Smoke & Candy
Remembering the dead on All Hallows’ Eve
By Noelle Oxenhandler
“WOE UNTO THOSE that are consoled” is the opening line of one of the poet Rilke’s most famous letters. He wasn’t writing in the wake of a national catastrophe, he was writing to a countess who had lost her father, but a few days ago the words came back to me as though he had just written them for this particular moment in America.
I’d gone to my local grocery store and, as I walked up to the doors, I was amazed to see that there were pumpkins for sale. Something about them made me feel I should avert my eyes, gather a long black veil close around me. There was something too vibrant, almost obscene, in their orange ripeness. And though they were probably grown in fields not far from my house, the pumpkins looked like a form of exotic contraband, like something smuggled in from a very foreign, far-off country.
“Surely you don’t mean we’re going to do that this year, do you?” I felt like saying to the young man in a white apron who was arranging the pumpkins on a bale of hay. “This is not the time for jack-o’-lanterns and candy corn, for children in pink tiaras and batman capes.”
The very thought of Halloween seemed utterly inappropriate this year, like mixing a festival and a funeral.
But then I remembered where I’d been last year at the end of October.
It was a small town in southwestern Mexico, about an hour from Puerto Vallarta, where I’d gone with a small group of friends. Though we’d been told it wasn’t a town that did much of anything for the Day of the Dead, at dusk we found ourselves irresistibly drawn to the cemetery.
The closer we got, the more charged the atmosphere became. People were streaming in from all directions: in beat-up cars, on bicycles, on foot. Many of them were carrying round wreaths, wrapped in plastic, that looked like big pizzas made of ribbon. Others were carrying shovels, rakes, brooms, and radios.
In stalls just outside the cemetery’s stone wall, women were cooking tortillas, tamales, and corncobs in their husks. For a few centavos, you could buy a hot snack and chomp on it as you lingered in the warm air around the stalls. The cemetery itself was obscured by smoke: the gray smoke rising from the women’s hot coals mixed with a bluish haze on the other side of the wall.
Entering through the cemetery’s gate, we saw where the blue haze came from. The cemetery was in a state of disrepair–perhaps from the most recent earthquake that had rattled its walls and made cracks in its paths. Everywhere there were piles of loose stone and broken chunks of cement. In small clusters around the graves, family members were tending the site. They’d gather the stones and set them aside, then rake the dead leaves and grass, sweep the litter, make a pile of the debris and set it on fire. As they worked, they chattered to one another. Some played music from their radios. Children darted in and out, leaping from one grave to the next, playing hide-and-seek behind the headstones.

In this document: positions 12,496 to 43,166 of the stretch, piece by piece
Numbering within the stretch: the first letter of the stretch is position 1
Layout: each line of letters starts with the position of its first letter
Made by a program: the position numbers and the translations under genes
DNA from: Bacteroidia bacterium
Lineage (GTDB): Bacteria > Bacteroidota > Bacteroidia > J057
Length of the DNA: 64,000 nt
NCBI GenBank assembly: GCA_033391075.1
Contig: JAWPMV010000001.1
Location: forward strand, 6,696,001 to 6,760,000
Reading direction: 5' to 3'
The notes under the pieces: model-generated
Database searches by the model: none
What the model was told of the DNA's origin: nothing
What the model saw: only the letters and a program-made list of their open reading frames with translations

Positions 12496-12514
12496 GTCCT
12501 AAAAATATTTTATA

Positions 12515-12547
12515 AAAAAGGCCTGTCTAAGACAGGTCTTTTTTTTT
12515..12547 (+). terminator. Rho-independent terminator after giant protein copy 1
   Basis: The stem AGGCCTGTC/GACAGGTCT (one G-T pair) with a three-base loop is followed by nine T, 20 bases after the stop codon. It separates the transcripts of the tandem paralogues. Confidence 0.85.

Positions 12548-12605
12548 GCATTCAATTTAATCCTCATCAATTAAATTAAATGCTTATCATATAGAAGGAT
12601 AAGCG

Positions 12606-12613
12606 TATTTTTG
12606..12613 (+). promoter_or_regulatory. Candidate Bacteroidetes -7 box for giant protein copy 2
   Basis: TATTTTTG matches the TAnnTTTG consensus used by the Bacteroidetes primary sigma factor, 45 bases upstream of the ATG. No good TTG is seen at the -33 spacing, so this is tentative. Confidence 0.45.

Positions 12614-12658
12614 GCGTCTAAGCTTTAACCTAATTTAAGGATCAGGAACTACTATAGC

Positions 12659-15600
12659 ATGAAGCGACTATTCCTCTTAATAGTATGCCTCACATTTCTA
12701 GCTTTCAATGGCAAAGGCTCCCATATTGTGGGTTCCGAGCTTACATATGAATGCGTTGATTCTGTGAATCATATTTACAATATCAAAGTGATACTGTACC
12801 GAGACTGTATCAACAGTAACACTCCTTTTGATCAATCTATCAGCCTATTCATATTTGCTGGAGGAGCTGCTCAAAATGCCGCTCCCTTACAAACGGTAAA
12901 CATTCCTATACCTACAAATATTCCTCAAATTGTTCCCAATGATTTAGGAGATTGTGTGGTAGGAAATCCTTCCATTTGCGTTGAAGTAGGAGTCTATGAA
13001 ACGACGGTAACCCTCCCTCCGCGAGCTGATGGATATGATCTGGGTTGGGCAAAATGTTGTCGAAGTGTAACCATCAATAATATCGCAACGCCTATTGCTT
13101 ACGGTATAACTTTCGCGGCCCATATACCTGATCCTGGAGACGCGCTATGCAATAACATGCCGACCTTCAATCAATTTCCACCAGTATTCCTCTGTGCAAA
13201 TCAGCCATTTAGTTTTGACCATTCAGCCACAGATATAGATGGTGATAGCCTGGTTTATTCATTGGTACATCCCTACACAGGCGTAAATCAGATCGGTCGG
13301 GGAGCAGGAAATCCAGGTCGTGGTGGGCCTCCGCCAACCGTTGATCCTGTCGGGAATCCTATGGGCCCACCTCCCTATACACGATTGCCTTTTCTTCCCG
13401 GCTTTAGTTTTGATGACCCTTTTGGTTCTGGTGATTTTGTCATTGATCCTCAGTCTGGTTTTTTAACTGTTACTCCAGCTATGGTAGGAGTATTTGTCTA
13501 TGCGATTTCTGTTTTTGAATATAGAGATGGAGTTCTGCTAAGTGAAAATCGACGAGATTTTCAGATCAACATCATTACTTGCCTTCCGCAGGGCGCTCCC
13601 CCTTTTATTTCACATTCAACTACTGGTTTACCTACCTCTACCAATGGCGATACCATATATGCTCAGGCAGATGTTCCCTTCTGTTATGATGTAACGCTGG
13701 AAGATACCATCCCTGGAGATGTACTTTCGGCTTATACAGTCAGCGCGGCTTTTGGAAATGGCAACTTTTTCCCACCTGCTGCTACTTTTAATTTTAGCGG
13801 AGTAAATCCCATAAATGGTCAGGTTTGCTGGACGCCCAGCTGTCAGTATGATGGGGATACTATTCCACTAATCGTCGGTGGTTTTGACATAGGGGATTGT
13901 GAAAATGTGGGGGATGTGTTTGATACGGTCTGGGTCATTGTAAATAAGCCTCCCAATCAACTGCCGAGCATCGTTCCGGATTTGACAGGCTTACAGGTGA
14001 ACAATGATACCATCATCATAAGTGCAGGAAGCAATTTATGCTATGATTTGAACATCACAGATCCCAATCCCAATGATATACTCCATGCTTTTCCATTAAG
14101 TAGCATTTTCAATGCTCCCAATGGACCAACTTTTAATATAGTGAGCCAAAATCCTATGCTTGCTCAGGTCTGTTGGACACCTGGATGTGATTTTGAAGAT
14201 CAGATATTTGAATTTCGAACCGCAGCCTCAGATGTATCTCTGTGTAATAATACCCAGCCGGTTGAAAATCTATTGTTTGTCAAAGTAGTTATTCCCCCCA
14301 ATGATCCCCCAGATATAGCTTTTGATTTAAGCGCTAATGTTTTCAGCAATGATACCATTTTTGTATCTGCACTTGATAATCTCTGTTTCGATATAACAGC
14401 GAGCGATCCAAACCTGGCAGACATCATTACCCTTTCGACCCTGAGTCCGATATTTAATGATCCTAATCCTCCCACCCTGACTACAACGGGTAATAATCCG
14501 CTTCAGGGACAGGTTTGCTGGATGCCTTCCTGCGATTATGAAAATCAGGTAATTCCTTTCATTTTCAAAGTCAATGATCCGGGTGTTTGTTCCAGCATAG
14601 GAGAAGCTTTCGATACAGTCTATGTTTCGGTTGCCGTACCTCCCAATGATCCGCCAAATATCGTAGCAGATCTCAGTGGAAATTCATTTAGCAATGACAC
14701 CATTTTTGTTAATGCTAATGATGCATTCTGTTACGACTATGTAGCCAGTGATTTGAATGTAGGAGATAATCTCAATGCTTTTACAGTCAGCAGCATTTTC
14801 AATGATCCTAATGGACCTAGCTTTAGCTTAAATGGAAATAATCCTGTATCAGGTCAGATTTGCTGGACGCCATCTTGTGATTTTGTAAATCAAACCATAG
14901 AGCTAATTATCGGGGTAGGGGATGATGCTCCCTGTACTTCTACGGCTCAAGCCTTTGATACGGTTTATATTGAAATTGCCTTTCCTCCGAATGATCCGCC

Some people looked quite sad. When we peered over their shoulders, we saw that the graves they were tending were fresh. My friends and I had come with a man named Carlos, whose father had died the year before. “He died very suddenly,” he told us. “He wasn’t very old. He would be so happy to know that my daughter is engaged.”
Taking a handkerchief from his pocket, Carlos wiped a layer of ash from the photograph of his father’s face that smiled from under its small dome of glass.
Remembering the intimacy of that gesture, of the evening’s mix of sorrow and gaiety, I thought of the words that followed Rilke’s “woe unto those that are consoled. What he meant by that strange line was that we must not forget the intimate connection between life and death. He was actually offering the countess what he felt to be the truest consolation: the knowledge that “life always says simultaneously Yes and No” and the belief that this knowledge need not be overwhelming.
“One should not fear that our strength might not suffice to bear any experience of death,” he wrote, “even were it the nearest and the most terrible; death is not beyond our strength; it is the measure mark at the vessel’s rim: we are full as often as we reach it–and being full means for us being heavy.”
Perhaps, with our hearts that our heavy indeed, it is precisely the simultaneity of Yes and No that we can grieve and celebrate this year on the last night of October. Though the ancient meaning of All Hallows’ Eve has been all but lost to us in the chainstore flood of ghoulish props and packaged treats, perhaps there is something that we might retrieve, something that our Mexican neighbors seem to understand so well. Then, in the light and shadow of carved pumpkins, we grown-ups could keep each other company, as we remember our so recent dead, and as our children gather candy amid the rubble and the smoke.
Glen Ellen writer Noelle Oxenhandler is the author of ‘The Eros of Parenthood’ (St. Martin’s Press, 2000) and a longtime contributor to ‘The New Yorker.’
From the October 25-31, 2001 issue of the Northern California Bohemian.